A book review: The Great Ice-Cream Heist

17337082Title: The Great Ice-Cream Heist

Author: Elen Caldecott

Expected publication: June 6th 2013 by Bloomsbury Publishing Plc

Synopsis: ‘Those McIntyres are nothing but trouble!’ When the McIntyre family moves in next door, Eva is intrigued – it is the first interesting thing to happen for ages. But her ever protective Dad – even more protective since Eva’s mum died – does not agree. And the McIntyres are certainly noisy! But Eva is curious about Jamie, who she often sees on the roof of his garden shed, escaping the family chaos.

From Goodreads

e-Review copy courtesy of Bloomsbury publishing via NetGalley

Caldecott says she loves to write about ordinary children doing extraordinary things and it’s one of the things that I have loved about the previous two books I’ve read. And if that’s what you love about her books than this is no different, Eva and Jamie are two extremely likeable ordinary children. I’m impressed with the way that Caldecott’s characters are always so different and yet completely believable. In this book I related to Eva so much. The first scene where she spies her new neighbours moving in could almost be my life.  And the fact that Eva so easily slips into a fantasy world, well that could still be my life!

The story really kicks off when she and Jamie, who come from very different backgrounds become friends partly because they both do  disappear into imaginary worlds. At the time the children are volunteering at a soon to be youth centre (and I have to confess to wondering about health and safety after I’d finished reading the book). As the story unfolds we discover why they feel the need to escape and there are some very poignant moments as we discover who these characters really are. The way Caldecott describes their emotional journey completely carried me away, even though, I personally found it difficult to reconcile with the mum’s behaviour.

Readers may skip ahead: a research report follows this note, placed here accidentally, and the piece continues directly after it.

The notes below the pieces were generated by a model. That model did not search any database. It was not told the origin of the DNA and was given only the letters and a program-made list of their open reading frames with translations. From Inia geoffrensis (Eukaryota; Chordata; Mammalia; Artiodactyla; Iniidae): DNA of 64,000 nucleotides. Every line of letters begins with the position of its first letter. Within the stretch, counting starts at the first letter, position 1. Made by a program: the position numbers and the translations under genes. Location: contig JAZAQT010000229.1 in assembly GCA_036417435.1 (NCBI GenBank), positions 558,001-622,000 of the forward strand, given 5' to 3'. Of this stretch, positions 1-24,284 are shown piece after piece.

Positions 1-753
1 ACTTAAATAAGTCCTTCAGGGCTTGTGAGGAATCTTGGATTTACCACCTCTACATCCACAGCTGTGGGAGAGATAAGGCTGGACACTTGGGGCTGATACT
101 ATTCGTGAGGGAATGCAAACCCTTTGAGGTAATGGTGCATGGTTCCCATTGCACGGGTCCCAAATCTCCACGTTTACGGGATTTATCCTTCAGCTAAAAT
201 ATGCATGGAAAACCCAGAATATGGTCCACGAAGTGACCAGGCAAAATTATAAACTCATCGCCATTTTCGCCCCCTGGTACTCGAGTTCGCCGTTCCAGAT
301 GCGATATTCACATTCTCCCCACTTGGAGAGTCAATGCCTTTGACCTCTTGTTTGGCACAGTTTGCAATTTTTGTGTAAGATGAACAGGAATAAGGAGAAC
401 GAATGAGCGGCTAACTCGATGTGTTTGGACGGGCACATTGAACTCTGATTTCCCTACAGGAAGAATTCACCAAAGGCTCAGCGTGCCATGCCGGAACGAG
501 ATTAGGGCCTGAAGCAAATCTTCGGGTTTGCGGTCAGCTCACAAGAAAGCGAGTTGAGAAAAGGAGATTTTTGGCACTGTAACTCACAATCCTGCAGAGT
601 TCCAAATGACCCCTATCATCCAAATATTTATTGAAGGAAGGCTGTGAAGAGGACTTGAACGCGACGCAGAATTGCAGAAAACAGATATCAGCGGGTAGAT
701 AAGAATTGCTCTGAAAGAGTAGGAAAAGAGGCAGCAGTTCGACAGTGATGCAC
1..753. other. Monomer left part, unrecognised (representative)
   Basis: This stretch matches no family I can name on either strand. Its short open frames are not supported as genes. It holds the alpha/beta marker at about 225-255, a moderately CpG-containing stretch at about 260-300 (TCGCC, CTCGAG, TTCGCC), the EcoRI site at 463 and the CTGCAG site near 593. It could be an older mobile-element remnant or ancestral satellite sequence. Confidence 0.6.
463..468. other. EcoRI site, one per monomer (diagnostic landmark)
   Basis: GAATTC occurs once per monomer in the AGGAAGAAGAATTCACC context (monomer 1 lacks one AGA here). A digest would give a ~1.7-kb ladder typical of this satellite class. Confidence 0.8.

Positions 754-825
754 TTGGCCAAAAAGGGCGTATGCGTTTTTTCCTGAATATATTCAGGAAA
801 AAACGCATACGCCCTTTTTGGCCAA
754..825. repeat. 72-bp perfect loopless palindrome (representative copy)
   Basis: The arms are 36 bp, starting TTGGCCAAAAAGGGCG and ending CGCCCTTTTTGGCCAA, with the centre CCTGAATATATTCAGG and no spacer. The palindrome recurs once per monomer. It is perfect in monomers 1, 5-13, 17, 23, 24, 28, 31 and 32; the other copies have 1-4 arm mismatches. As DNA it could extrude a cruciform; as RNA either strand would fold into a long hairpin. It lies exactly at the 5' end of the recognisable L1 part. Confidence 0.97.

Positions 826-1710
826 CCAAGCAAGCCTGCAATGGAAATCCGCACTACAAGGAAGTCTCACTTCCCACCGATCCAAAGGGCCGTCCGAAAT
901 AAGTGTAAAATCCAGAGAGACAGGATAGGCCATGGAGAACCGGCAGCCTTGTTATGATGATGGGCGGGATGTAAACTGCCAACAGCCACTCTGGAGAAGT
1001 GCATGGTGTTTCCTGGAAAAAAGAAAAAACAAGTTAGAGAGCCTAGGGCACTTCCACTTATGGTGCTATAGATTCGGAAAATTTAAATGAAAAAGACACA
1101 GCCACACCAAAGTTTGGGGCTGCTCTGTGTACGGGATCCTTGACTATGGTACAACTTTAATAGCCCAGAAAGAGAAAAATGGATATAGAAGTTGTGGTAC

But, I was so into these two characters that I was halfway through the book before I started to wonder when the ice-cream came into it. But don’t worry because when it does, it’s like a scene straight out of a slapstick comedy and yet everything that is happening is completely logical.

The ending (as I’m discovering with Caldecott) had me reaching for the tissues, partly because both of them had taken that little step closer to growing up, but also because they were a little more sure of themselves.

So in summary, another great read from Caldecott. I give this book:

A book review: The Undrowned Child

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